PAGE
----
Teenager gunned down on North Clinton Avenue

A teenager was found Wednesday evening shot and killed on the sidewalk in front of a residence on North Clinton Avenue.

On Thursday morning, police identified the victim as 17-year-old Shamere Melvin of Trenton.

According to police, officers were dispatched around 8:30 p.m. Wednesday to the 300 block of North Clinton Avenue to investigate a “man down.” When they arrived on scene, police found a black male, later identified as Melvin, suffering from a single gunshot wound to the head. Melvin was pronounced dead at the scene.

Officers were still on-scene around 10:30 p.m. Wednesday, and Melvin could be seen lying against a fence in front of a residential dwelling. A white sheet covered his body, and a woman who witnesses identified as one of Melvin’s relatives could be heard sobbing from a block away.

Minister Lee Ingram, a trained Trenton Police Chaplain, was on-scene as well. But because Trenton’s Police Chaplain Program has not officially begun, he was not permitted to console the grief-stricken family.

“It’s tiring,” Minister Ingram said in a conversation Thursday. “The emotional state of people in this city is just bad. And it’s tiresome that so many young men are losing their lives and nobody seems to care. I just get tired that the mothers and the families are forgotten after the first seven days.”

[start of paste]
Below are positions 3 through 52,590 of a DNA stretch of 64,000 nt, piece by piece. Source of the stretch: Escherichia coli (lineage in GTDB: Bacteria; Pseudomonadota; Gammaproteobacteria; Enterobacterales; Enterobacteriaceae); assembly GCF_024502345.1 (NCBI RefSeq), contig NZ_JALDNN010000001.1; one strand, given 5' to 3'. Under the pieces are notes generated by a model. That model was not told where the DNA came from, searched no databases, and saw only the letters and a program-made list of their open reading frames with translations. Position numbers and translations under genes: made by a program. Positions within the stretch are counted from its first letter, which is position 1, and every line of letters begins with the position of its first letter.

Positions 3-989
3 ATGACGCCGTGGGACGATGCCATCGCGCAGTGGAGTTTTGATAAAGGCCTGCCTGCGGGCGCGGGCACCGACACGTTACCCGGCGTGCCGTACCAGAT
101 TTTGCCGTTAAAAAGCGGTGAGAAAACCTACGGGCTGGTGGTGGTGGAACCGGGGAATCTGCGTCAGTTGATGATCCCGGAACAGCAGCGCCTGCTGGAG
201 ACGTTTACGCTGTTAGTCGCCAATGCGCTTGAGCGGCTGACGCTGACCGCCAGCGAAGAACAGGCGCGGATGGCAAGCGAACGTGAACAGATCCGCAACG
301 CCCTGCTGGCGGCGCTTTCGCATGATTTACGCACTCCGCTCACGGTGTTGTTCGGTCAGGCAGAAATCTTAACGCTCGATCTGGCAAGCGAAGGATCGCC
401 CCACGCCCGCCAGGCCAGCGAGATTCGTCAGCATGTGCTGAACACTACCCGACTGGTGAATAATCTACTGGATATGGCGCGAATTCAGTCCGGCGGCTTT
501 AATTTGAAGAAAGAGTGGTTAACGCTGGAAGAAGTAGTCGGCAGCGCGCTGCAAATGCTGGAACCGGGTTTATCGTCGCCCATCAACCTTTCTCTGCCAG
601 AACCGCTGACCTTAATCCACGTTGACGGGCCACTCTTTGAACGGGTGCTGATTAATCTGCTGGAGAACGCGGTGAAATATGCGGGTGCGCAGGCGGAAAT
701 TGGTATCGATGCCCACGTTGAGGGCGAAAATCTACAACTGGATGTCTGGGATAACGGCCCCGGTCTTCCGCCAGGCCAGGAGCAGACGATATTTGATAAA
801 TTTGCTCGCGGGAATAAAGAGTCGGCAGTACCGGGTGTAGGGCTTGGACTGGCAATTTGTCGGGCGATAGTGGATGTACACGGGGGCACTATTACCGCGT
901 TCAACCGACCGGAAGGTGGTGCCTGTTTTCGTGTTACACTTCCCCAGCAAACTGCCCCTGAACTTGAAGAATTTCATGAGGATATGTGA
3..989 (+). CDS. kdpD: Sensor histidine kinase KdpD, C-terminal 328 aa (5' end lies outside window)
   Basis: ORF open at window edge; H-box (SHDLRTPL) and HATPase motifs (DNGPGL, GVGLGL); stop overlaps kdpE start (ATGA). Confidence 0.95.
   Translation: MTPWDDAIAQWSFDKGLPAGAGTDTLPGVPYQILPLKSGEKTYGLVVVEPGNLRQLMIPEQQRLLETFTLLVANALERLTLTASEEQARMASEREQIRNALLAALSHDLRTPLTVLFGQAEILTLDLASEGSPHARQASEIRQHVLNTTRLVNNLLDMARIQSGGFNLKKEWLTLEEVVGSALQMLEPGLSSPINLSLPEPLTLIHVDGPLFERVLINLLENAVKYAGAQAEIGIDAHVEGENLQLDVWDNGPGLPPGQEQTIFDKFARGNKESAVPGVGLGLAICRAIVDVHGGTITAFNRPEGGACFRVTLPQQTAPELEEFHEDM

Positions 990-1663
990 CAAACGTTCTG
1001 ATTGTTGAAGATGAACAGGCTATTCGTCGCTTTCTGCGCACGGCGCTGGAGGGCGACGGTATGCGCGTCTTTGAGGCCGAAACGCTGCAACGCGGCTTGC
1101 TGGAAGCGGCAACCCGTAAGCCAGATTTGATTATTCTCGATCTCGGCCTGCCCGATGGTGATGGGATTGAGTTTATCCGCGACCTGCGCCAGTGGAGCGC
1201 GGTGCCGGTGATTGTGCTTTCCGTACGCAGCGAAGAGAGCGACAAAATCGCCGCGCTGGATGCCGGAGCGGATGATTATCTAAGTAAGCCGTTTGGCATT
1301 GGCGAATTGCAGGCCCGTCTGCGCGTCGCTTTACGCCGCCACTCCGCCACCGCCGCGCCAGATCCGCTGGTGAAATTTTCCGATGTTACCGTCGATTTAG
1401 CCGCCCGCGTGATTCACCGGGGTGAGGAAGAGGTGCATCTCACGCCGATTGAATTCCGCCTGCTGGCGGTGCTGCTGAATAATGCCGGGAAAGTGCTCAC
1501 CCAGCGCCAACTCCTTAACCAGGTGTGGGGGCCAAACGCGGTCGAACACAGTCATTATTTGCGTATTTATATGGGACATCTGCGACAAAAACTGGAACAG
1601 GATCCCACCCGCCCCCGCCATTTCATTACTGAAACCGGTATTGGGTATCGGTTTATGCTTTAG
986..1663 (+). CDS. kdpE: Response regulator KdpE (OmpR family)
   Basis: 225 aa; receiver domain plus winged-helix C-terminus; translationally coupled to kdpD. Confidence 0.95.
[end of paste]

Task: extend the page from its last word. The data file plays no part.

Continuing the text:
Minister Ingram, along with 10 other faith-based leaders, recently completed training in Trenton’s Police Chaplain program, which will aim to bridge the gap between law enforcement and the community.

“It’s really an outstanding program, one that I think will be very helpful in the community,” Reverand William Coleman said Thursday. “There’s a void in the relationship between police and the community. And we found that we can serve as a calming presence between the police and the chaos that surrounds violent crime.”

Rev. Coleman, who is the Pastor of Second Baptist Church in Asbury Park, was instrumental in coordinating the Police Chaplain Program in Trenton. And if the program had officially started, a Police Chaplain would have been permitted to console Melvin’s family as they watched officers process the crime scene.

“Sometimes being a Police Chaplain just means standing there and being there,” Rev. Coleman said. “There’s a calming effect that takes place. My hope and prayer is that along with that will come some rationale about who committed the crime.”

Rev. Coleman expects Trenton’s Chaplain Program to officially begin sometime in the next couple months. The 11 clergymen and women are already trained, Coleman said. They now await funding for jackets and identification that signifies them as Police Chaplains. They will then participate in an orientation ceremony before joining local police in nightly ride-alongs.

“It’s a two-way street: I want a relationship with the police, and I want a relationship with the community,” Rev. Coleman said. “And we want to help reduce some of the violence by solving these crimes through love, care and spiritual guidance.”

Melvin’s murder is being investigated by the Mercer County Homicide Task Force. Anyone with information is asked to call (609) 989-6406, or use the Trenton police confidential tip line at (609) 989-3663.

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